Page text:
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Deputy chief suffers sudden cardiac death during physical fitness training - Illinois.
Cincinnati, OH: U.S. Department of Health and Human Services, Public Health Service, Centers for Disease Control and Prevention, National Institute for Occupational Safety and Health, FACE F2010-33, 2011 Mar; :1-12
On September 20, 2010, a 55-year-old male career Deputy Chief (DC) responded to a medical call and provided assistance. Later in the day, the DC exercised as part of the Fire Department (FD) fitness program. The DC was about 5 minutes into his exercise program when the duty crew was dispatched to a call in which the DC did not respond. Approximately 90 minutes later, the DC was found unresponsive lying alongside the Stairmaster. Despite cardiopulmonary resuscitation (CPR) and advanced life support (ALS) at the fire station, in the ambulance, and in the hospital's emergency department (ED), the DC died. The death certificate and the autopsy listed "hypertrophic cardiomyopathy" as the cause of death with "arteriosclerotic coronary artery disease" as a contributing condition. Given the DC's severe underlying heart disease, NIOSH investigators concluded that moderately strenuous physical exertion during exercise probably triggered an arrhythmia causing his sudden cardiac death. NIOSH investigators offer the following recommendations to address general safety and health issues. It is unclear, however, if these recommended programs would have prevented the DC's death. 1. Ensure fire fighters are cleared for return to duty by a healthcare provider knowledgeable about the physical demands of fire fighting, the personal protective equipment used by fire fighters, and the various components of National Fire Protection Association (NFPA) 1582. 2. Ensure on-duty fire fighters exercise in pairs or within viewing/hearing distance of another crew member.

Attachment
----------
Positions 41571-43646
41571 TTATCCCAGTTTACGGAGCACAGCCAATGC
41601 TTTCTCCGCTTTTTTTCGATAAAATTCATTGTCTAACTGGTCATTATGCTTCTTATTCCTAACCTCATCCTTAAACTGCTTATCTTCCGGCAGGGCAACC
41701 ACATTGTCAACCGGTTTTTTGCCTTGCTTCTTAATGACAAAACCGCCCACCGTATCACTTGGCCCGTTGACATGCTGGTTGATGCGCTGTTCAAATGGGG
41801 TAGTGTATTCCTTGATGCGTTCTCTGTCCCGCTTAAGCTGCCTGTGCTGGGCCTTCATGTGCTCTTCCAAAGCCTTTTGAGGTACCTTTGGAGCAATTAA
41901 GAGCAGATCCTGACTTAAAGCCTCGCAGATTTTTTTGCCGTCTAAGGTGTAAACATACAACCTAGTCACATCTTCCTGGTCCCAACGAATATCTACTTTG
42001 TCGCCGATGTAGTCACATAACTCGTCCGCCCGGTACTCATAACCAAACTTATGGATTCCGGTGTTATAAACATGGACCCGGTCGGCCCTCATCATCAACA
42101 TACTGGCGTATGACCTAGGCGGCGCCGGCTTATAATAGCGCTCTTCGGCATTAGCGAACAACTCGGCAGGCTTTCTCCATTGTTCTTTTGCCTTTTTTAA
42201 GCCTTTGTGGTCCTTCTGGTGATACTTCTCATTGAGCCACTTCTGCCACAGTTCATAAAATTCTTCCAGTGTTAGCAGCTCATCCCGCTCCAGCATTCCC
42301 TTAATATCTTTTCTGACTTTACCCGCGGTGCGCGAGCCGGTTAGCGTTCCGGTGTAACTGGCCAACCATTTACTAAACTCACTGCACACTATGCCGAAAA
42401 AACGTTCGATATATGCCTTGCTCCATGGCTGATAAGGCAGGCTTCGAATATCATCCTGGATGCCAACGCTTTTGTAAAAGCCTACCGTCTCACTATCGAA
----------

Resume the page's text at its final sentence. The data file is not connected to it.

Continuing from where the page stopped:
Region-5; Fire-fighters; Emergency-responders; Cardiovascular-disease; Cardiovascular-system-disease; Cardiovascular-system-disorders; Physical-fitness; Medical-screening; Physical-stress
Field Studies; Fatality Assessment and Control Evaluation
NTIS Accession No.
Services: Public Safety
National Institute for Occupational Safety and Health
Page last reviewed: September 2, 2020
Content source: National Institute for Occupational Safety and Health Education and Information Division